Using the same slow-paced strategy in a fast paced tournament, however, can suddenly force a player to rely on valuable hands later in the game. In this instance, it’s probably better to play a more aggressive game, commit earlier and play a looser game. Fast competitions usually make it more difficult for players to utilize postflop manoeuvring because of the shallow stacks.
Once again, adjusting your strategy based on the situation will make it easier for you to play the cards you’ve been dealt, rather than try to force a win or rely on luck alone.
The Importance of Position
Position is an integral part of a poker game, as most experienced players will be aware. Acting last allows a player to make their decision based on the decisions of all the players that have acted before them and this is an obvious advantage. The advantage is not afforded to one player for an entire game, however, as the dealer position changes after every hand. Players should keep this in mind when the time comes to put their strategy in play, as they can take advantage of their position when it’s in their favour.
To take advantage of their “late” position, players will want to make sure that they play more hands at this time, rather than when they shift up into an “early” position. Players who are able to witness other players acting before them are known to “have position”, while those who need to act before the rest are “out of position”. When used correctly, players will find it that allows them a significant advantage.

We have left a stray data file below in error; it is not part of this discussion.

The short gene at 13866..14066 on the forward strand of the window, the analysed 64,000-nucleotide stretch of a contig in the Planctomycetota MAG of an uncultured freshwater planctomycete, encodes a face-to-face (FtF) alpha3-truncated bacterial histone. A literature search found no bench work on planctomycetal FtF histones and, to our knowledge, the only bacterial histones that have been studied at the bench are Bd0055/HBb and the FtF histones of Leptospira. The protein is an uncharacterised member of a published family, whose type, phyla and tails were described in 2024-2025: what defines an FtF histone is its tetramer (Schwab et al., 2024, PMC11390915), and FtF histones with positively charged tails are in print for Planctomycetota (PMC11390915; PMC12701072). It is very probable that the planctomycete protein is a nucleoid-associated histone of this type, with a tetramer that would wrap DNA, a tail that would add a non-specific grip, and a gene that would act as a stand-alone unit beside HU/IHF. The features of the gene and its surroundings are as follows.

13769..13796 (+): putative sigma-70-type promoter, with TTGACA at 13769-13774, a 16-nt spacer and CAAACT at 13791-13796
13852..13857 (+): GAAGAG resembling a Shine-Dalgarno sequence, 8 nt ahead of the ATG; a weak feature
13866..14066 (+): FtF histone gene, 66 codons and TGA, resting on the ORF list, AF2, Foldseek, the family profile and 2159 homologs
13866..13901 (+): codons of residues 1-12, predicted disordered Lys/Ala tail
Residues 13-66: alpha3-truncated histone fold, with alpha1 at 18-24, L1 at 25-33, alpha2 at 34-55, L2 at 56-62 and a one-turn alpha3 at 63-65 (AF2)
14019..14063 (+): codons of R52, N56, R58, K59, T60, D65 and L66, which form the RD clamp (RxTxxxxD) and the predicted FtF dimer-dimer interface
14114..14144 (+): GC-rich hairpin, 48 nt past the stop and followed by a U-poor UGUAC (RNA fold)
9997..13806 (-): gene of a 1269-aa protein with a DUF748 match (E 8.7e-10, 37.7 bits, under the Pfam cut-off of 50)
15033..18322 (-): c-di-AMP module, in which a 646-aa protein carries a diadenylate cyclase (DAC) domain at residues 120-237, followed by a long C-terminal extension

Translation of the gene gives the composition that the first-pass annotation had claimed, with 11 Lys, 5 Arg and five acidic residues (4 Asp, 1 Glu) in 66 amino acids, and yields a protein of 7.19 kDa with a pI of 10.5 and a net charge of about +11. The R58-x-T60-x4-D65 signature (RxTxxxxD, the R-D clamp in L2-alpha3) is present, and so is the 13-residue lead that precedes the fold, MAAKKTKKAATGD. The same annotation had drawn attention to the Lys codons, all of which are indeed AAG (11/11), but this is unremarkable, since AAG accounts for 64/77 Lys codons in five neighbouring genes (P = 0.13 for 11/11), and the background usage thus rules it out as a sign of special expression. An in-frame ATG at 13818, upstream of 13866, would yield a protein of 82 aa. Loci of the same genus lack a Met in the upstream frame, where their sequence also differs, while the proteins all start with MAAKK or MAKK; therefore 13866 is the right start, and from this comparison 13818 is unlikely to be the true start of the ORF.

Know When to Bluff
Bluffing allows player to manipulate other players, regardless of the value of their hands, ultimately increasing the chances that a player will claim the pot. With that being said, however, it should be noted that not all bluffs are useful – they need to be used in the right way for them to be effective.
Players need to start off with the understanding that the more players there are around the table, the higher the chances will be that someone else will have a valuable hand. A player looking to bluff will then want to make sure that when they bluff, it is consistent with the “story” they have been telling throughout the hand.
A player intending to force other players to fold should make the others believe they have a valuable hand, but at the same time, they need to ask themselves whether they would have been playing the way that they have if they started the game with a good hand? Inconsistencies can quickly cause a bluff to unravel, causing a player to lose more than they would, had they simply folded in the beginning.
Learning the Odds
When you start to take the odds of each hand into account, you can really improve your game because you’re basing the outcome on probabilities, and these tend to pay off.
If you are waiting for a heart to fall on the river to give you a flush, for example, you’ll want to work out the odds of that happening. There are 13 hearts in any 52 card deck, and if you have two in hand and two on the table, there will be nine remaining. The rest of the deck will come to 46 cards which could appear on the river and only nine of them will allow you to claim the pot. This means that the odds of you getting one of the 9 cards can be calculated like this: 37/9 = 4 to 1.
Strategies in Different Formats